Many people are afraid of “going Agile” because of things they’ve heard about it. Some of these are either outdated or just misunderstood. For example, while many have heard that you shouldn’t document and there is no need to do design, I would not say those are Agile beliefs. However, there is quite a diversity of mindsets in the Agile space, some of which to our minds, isn't effective. Since Scrum is still the most popular Agile method present, the mindset of its thought-leaders is still what many folks hear represents Agile. We present another mindset here that we think helps achieve agility at scale. It is based on Lean-thinking. Oddly enough (and fortunately), this mindset is fairly consistent with most folks who are considering undertaking an Agile transition.
Here are the main aspects of the mindset we feel be conducive to achieve agility at scale:
Culture and how to start. You must attend to your present culture. Requiring new roles, new methods, new team structures may work in some organizations but if it doesn’t work in yours you may want to control the rate of change so that people don’t resist the transition. This means you may require a start that is gradual and attends to the rate of change your organization can adopt. Otherwise, you run the risk of the developers just outlasting management as far as the transition is concerned. Even if they embrace the change, if it doesn't work and they felt it was forced on them, future initiatives will be more difficult.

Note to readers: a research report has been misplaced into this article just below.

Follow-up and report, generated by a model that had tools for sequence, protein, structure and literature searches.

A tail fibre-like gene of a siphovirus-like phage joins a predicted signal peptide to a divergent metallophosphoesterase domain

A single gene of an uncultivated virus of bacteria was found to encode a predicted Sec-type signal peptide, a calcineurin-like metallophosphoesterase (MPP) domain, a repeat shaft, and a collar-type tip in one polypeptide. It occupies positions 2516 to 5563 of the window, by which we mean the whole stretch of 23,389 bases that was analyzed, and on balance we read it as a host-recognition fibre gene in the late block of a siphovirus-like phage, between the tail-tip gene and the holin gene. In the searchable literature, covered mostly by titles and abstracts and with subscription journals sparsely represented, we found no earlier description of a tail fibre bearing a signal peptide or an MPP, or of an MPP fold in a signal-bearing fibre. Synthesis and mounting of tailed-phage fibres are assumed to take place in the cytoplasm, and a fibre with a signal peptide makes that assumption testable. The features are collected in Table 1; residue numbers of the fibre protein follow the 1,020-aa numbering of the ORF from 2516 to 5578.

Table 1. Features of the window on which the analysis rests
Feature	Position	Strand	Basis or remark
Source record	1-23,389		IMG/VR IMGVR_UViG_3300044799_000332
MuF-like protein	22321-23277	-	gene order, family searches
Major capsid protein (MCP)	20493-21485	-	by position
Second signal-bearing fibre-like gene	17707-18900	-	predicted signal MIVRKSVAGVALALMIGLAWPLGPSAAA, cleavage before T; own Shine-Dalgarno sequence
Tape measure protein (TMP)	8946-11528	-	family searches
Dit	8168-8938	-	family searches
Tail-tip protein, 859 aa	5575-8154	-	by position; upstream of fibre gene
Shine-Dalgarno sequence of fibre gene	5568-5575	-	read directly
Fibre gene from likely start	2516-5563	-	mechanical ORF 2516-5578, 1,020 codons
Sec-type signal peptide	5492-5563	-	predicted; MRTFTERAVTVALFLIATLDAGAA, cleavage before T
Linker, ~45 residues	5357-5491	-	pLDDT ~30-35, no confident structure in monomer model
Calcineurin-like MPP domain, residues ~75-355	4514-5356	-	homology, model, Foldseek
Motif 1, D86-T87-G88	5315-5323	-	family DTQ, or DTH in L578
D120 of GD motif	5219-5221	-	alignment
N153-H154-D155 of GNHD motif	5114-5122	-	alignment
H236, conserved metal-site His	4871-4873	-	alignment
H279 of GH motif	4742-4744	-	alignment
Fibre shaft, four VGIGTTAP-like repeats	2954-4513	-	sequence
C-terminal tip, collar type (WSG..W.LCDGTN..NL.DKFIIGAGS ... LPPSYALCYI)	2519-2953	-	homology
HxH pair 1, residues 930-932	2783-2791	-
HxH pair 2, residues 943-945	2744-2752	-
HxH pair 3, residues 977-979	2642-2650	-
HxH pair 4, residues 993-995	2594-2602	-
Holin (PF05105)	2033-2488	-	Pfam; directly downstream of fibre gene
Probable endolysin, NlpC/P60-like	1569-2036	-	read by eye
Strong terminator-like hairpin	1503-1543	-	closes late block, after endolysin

A holistic view is needed. Although teams do need to be given the ability to self-organize, it needs to be done in the context of how the teams will work together. This must be set by product management looking across the product lines. A bottom-up, team driven approach is insufficient to achieve cohesive teams.
Respecting people. All Agile methods respect people. However, this must mean more than respecting their value. It must also include respecting how they work with each other. People are tribal in nature and teams must be organized in a way that recognizes this so that they can better work together.
Systems thinking is a cornerstone of Lean-Agile. Most failures are due as much, or more, to the systems within people work as it is to the people themselves. We must set up good systems for people to work within. We must have both good systems and good people.
Workflow should be explicit and easily changed. Explicit workflow helps people understand what they are doing and makes improvement much easier. This is not the heavyweight process of old, however. Rather, making workflow explicit means the teams discuss it with each other to make it clear what everyone is doing. This explicit workflow is the team’s understanding of the best way to do their work and becomes the basis for change. The purpose of discussing your workflow is not so you follow it rigorously as much as it is so people understand what each other is doing.
It is important to look at the entire value stream. Merely looking at the team is not sufficient. Agile must include the beginning of the value stream – where ideas are considered. Many challenges at the team level are the result of decisions well upstream of the development/IT groups.
Cross-functional teams are useful but not essential. The methods available to begin an Agile endeavor must include methods, such as Kanban, that can work effectively without cross-functional teams being present. While you should definitely transition towards cross-functional teams if you don't already have them, having to start with them (as Scrum requires) is often risky and disruptive to the organization.
If you want more information on mindsets, take a look at Mindsets: Waterfall, 1st & 2nd Generation Agile.
For a complete roadmap to Enterprise Agility see our Lean-Agile Roadmap.
CEO, Net Objectives